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Expansionary Effects of the Welfare State in a Small Open Economy

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  • Hassan Molana
  • Catia Montagna

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Abstract

We examine the relationship between welfare state policies and economic performance in a small open economy with (i) free trade in final goods and international capital mobility, and (ii) aggregate increasing returns to scale. Contrary to the conventional wisdom, we find that a retrenchment of welfare programmes is not an inevitable consequence of economic integration. Instead, by improving the exploitation of aggregate scale economies, social expenditure policies and international openness complement each other in facilitating an improvement in economic performance that can sustain a more generous welfare protection.

Suggested Citation

  • Hassan Molana & Catia Montagna, 2005. " Expansionary Effects of the Welfare State in a Small Open Economy," CDMA Conference Paper Series 0505, Centre for Dynamic Macroeconomic Analysis.
  • Handle: RePEc:san:cdmacp:0505
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    File URL: https://www.st-andrews.ac.uk/CDMA/papers/cp0505.pdf
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    References listed on IDEAS

    as
    1. Molana, Hassan & Montagna, Catia, 2006. "Aggregate scale economies, market integration, and optimal welfare state policy," Journal of International Economics, Elsevier, vol. 69(2), pages 321-340, July.
    2. Frederick Van der Ploeg, 2003. "Do Social Policies Harm Employment and Growth?," CESifo Working Paper Series 886, CESifo Group Munich.
    3. Caballero, Ricardo J. & Lyons, Richard K., 1992. "External effects in U.S. procyclical productivity," Journal of Monetary Economics, Elsevier, vol. 29(2), pages 209-225, April.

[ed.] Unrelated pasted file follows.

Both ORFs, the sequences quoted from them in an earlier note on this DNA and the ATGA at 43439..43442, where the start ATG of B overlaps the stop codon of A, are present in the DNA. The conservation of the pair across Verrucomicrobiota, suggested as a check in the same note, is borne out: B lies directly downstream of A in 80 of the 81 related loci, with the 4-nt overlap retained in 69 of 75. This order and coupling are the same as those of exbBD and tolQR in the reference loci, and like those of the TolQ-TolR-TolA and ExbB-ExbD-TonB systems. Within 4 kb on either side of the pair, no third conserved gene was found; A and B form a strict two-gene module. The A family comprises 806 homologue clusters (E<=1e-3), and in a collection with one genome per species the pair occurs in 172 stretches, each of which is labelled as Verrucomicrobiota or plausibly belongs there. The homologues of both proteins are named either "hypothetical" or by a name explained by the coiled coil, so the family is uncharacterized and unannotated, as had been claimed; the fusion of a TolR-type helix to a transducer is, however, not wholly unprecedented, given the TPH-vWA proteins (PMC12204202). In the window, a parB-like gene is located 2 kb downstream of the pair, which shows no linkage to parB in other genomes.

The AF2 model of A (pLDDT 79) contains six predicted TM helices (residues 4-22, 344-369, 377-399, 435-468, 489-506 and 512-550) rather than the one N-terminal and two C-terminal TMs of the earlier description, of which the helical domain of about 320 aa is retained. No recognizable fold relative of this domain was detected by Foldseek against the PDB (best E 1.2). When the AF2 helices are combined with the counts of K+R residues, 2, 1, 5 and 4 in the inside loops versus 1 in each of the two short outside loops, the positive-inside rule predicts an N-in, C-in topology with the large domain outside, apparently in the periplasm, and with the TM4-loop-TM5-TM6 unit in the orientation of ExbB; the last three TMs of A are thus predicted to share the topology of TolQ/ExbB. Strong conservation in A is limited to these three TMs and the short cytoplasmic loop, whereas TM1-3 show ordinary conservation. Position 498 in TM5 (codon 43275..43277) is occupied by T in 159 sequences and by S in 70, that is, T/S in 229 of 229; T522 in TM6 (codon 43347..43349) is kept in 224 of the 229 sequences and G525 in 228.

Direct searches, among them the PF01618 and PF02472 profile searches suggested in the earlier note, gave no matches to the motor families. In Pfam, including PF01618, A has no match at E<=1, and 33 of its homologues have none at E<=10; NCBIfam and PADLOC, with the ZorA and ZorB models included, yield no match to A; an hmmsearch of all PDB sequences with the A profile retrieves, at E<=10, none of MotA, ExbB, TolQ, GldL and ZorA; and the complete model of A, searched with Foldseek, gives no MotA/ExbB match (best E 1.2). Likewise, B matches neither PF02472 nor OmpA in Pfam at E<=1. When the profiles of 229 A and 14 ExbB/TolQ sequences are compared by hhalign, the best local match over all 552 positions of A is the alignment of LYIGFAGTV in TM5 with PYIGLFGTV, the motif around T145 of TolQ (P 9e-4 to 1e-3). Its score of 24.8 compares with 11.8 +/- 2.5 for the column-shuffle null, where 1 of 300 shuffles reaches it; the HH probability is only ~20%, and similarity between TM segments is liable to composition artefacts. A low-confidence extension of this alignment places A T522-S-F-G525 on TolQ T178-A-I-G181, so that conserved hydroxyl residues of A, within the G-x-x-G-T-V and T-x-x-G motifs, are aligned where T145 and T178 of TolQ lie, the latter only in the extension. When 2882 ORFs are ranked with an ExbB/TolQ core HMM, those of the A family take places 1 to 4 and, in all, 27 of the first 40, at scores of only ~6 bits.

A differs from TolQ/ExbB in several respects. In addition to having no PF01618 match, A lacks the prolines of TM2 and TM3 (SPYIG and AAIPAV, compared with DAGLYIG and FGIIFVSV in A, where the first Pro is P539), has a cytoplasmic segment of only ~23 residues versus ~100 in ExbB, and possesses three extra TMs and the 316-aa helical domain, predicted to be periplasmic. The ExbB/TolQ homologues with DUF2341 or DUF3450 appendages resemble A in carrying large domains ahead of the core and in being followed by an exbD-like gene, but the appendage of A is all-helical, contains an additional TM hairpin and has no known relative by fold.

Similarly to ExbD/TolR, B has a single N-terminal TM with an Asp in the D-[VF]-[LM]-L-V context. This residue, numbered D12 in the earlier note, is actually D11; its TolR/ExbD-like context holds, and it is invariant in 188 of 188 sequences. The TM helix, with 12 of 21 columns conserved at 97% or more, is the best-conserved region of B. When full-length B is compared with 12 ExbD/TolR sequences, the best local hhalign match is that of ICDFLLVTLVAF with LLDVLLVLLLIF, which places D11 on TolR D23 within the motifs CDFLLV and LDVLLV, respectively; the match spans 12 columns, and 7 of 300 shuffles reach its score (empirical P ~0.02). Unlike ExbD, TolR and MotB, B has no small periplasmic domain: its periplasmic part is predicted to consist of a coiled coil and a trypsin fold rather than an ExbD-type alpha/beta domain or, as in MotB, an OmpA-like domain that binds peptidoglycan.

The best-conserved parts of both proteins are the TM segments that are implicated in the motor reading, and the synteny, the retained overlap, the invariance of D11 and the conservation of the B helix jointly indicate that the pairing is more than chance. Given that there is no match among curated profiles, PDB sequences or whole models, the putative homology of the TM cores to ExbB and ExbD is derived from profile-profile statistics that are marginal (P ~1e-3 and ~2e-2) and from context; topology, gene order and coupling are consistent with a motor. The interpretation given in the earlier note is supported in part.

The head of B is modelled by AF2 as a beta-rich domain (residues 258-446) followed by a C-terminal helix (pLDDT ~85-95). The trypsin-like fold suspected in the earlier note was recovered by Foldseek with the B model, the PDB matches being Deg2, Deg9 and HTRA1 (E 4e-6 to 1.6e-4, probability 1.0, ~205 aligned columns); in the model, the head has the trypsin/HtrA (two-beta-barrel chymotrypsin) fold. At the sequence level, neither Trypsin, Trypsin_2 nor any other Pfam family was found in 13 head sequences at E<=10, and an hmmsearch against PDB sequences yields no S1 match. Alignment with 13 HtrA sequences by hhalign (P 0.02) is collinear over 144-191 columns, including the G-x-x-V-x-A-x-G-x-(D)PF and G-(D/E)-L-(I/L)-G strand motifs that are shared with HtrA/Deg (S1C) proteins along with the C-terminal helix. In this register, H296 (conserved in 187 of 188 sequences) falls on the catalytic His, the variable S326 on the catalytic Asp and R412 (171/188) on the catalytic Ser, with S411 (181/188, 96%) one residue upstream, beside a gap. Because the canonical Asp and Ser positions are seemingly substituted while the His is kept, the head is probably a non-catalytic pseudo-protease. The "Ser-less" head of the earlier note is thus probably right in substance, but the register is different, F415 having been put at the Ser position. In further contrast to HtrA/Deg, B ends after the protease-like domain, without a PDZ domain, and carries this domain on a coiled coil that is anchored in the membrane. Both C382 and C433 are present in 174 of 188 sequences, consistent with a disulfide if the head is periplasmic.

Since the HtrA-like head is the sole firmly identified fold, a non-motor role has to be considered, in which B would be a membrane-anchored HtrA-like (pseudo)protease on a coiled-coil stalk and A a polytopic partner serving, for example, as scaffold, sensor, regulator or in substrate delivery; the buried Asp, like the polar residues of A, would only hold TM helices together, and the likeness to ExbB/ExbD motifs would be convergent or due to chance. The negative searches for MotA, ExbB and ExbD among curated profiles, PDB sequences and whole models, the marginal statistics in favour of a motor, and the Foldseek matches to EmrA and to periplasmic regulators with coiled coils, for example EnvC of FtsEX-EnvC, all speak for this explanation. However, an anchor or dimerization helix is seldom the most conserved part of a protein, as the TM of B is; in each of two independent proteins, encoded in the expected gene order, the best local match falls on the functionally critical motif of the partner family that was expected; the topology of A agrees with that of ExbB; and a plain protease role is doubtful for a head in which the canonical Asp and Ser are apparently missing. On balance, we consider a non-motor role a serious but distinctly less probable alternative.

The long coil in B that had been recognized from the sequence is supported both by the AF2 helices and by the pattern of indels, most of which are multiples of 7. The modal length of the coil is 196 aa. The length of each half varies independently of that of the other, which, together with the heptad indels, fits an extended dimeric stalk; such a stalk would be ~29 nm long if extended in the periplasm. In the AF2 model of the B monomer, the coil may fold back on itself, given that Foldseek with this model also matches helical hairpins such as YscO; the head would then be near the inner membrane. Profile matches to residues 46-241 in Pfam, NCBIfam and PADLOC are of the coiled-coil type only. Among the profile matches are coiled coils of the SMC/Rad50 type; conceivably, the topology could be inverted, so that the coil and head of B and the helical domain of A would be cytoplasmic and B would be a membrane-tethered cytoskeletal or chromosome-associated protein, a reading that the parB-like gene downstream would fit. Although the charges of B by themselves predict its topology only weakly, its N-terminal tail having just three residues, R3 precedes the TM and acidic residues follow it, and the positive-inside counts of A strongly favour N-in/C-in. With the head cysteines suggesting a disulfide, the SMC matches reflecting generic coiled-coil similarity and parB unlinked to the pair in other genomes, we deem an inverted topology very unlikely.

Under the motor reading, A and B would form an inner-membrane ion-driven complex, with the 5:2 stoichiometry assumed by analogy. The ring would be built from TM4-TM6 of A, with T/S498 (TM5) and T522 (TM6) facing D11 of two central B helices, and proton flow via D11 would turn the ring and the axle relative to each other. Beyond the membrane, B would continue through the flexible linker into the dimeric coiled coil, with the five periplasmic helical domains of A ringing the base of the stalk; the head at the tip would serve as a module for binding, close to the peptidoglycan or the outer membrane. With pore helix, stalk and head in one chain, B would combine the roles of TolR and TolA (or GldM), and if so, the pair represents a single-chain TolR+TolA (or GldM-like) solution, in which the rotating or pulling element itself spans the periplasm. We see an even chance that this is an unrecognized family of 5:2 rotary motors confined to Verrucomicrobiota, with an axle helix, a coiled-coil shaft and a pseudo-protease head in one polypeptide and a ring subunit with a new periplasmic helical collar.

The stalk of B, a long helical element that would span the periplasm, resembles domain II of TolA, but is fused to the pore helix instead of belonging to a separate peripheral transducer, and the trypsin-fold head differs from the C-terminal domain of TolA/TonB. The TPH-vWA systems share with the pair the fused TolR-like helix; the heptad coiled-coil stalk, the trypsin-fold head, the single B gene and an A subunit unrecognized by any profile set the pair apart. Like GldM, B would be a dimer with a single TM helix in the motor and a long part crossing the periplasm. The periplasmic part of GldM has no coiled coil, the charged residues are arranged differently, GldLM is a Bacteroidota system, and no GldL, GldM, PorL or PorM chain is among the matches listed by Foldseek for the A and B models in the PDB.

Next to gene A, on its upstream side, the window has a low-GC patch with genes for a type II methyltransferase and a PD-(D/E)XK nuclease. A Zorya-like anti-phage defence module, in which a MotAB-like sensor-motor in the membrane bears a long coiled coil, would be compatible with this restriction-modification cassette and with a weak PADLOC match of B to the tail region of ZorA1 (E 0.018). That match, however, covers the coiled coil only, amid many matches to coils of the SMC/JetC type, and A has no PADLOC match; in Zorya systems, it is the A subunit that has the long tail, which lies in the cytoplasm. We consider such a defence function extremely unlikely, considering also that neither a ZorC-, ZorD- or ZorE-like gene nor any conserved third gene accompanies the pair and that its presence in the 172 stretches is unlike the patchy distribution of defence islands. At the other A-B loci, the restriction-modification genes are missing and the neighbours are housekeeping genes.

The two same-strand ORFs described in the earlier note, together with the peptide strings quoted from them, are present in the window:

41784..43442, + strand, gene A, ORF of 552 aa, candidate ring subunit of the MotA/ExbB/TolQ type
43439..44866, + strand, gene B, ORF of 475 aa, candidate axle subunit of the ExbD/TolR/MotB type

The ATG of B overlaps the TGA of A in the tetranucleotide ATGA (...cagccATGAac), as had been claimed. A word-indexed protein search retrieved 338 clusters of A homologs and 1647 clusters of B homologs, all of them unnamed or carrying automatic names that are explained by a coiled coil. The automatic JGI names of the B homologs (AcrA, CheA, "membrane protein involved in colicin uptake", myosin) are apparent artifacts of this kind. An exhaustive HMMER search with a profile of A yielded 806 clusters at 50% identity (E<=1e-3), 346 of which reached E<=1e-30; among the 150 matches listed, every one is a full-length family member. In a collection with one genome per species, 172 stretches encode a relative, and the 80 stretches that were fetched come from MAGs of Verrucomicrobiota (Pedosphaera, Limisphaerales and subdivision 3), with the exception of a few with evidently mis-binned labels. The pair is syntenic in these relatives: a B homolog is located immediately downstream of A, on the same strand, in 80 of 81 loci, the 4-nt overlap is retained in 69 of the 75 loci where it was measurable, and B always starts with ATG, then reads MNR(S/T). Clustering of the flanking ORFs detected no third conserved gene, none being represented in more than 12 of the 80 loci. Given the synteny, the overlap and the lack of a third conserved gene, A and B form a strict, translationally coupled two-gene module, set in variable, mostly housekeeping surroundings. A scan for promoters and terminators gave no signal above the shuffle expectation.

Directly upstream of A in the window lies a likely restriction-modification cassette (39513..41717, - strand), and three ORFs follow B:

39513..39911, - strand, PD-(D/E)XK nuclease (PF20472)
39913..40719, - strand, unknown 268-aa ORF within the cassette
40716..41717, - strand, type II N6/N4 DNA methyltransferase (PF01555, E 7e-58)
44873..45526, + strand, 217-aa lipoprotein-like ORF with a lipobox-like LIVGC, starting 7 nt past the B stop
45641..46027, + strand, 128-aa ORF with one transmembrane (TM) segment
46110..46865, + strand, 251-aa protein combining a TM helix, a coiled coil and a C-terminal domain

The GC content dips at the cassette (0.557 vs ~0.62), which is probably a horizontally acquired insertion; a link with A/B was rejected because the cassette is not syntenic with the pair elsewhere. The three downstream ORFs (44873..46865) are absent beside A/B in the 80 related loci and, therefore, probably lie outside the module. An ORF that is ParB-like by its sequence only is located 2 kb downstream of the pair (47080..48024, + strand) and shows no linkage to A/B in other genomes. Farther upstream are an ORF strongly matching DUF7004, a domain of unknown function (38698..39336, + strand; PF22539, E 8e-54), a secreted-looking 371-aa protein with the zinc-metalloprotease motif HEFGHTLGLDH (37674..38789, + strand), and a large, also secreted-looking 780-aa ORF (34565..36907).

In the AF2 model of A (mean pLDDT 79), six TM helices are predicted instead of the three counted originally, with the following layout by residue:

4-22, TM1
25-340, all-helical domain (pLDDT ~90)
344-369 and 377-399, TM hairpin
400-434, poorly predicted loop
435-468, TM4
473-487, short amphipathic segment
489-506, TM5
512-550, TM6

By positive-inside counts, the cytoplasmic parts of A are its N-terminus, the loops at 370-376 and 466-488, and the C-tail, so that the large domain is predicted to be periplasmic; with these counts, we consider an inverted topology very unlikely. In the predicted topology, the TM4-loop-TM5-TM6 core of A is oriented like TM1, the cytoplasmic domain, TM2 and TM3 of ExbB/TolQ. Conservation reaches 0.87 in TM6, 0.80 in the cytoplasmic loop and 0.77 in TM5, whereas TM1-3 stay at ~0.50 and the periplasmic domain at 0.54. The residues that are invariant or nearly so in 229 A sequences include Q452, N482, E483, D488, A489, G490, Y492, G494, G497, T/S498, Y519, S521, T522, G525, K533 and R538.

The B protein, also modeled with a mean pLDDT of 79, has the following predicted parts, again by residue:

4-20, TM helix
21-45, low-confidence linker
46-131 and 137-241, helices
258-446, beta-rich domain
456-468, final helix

4. Alesina, Alberto & Perotti, Roberto, 1997. "The Welfare State and Competitiveness," American Economic Review, American Economic Association, vol. 87(5), pages 921-939, December.
    5. Kiminori Matsuyama, 1995. "Complementarities and Cumulative Processes in Models of Monopolistic Competition," Journal of Economic Literature, American Economic Association, vol. 33(2), pages 701-729, June.
    6. Dani Rodrik, 1998. "Why Do More Open Economies Have Bigger Governments?," Journal of Political Economy, University of Chicago Press, vol. 106(5), pages 997-1032, October.
    7. Acemoglu, Daron & Shimer, Robert, 2000. "Productivity gains from unemployment insurance," European Economic Review, Elsevier, vol. 44(7), pages 1195-1224, June.
    8. Rodriguez-Clare, Andres, 1996. "The division of labor and economic development," Journal of Development Economics, Elsevier, vol. 49(1), pages 3-32, April.
    9. Rodrik, Dani, 1996. "Coordination failures and government policy: A model with applications to East Asia and Eastern Europe," Journal of International Economics, Elsevier, vol. 40(1-2), pages 1-22, February.
    10. Devereux, Michael B & Head, Allen C & Lapham, Beverly J, 2000. " Government Spending and Welfare with Returns to Specialization," Scandinavian Journal of Economics, Wiley Blackwell, vol. 102(4), pages 547-561, December.
    11. Venables, Anthony J., 1996. "Trade policy, cumulative causation, and industrial development," Journal of Development Economics, Elsevier, vol. 49(1), pages 179-197, April.
    12. Perotti, Roberto & Alesina, Alberto, 1997. "The Welfare State and Competitiveness," Scholarly Articles 4553027, Harvard University Department of Economics.
    13. Bartelsman, Eric J & Caballero, Ricardo J & Lyons, Richard K, 1994. "Customer- and Supplier-Driven Externalities," American Economic Review, American Economic Association, vol. 84(4), pages 1075-1084, September.
    14. Ethier, Wilfred J, 1982. "National and International Returns to Scale in the Modern Theory of International Trade," American Economic Review, American Economic Association, vol. 72(3), pages 389-405, June.
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    Cited by:

    1. Torben Andersen & Allan Sørensen, 2011. "Globalisation squeezes the public sector—is it so obvious?," International Tax and Public Finance, Springer;International Institute of Public Finance, vol. 18(4), pages 369-382, August.

    More about this item

    Keywords

    Welfare state; circular causation; international trade; capital mobility.;

    JEL classification:

    • E6 - Macroeconomics and Monetary Economics - - Macroeconomic Policy, Macroeconomic Aspects of Public Finance, and General Outlook
    • F1 - International Economics - - Trade
    • F4 - International Economics - - Macroeconomic Aspects of International Trade and Finance
    • H3 - Public Economics - - Fiscal Policies and Behavior of Economic Agents
    • J5 - Labor and Demographic Economics - - Labor-Management Relations, Trade Unions, and Collective Bargaining

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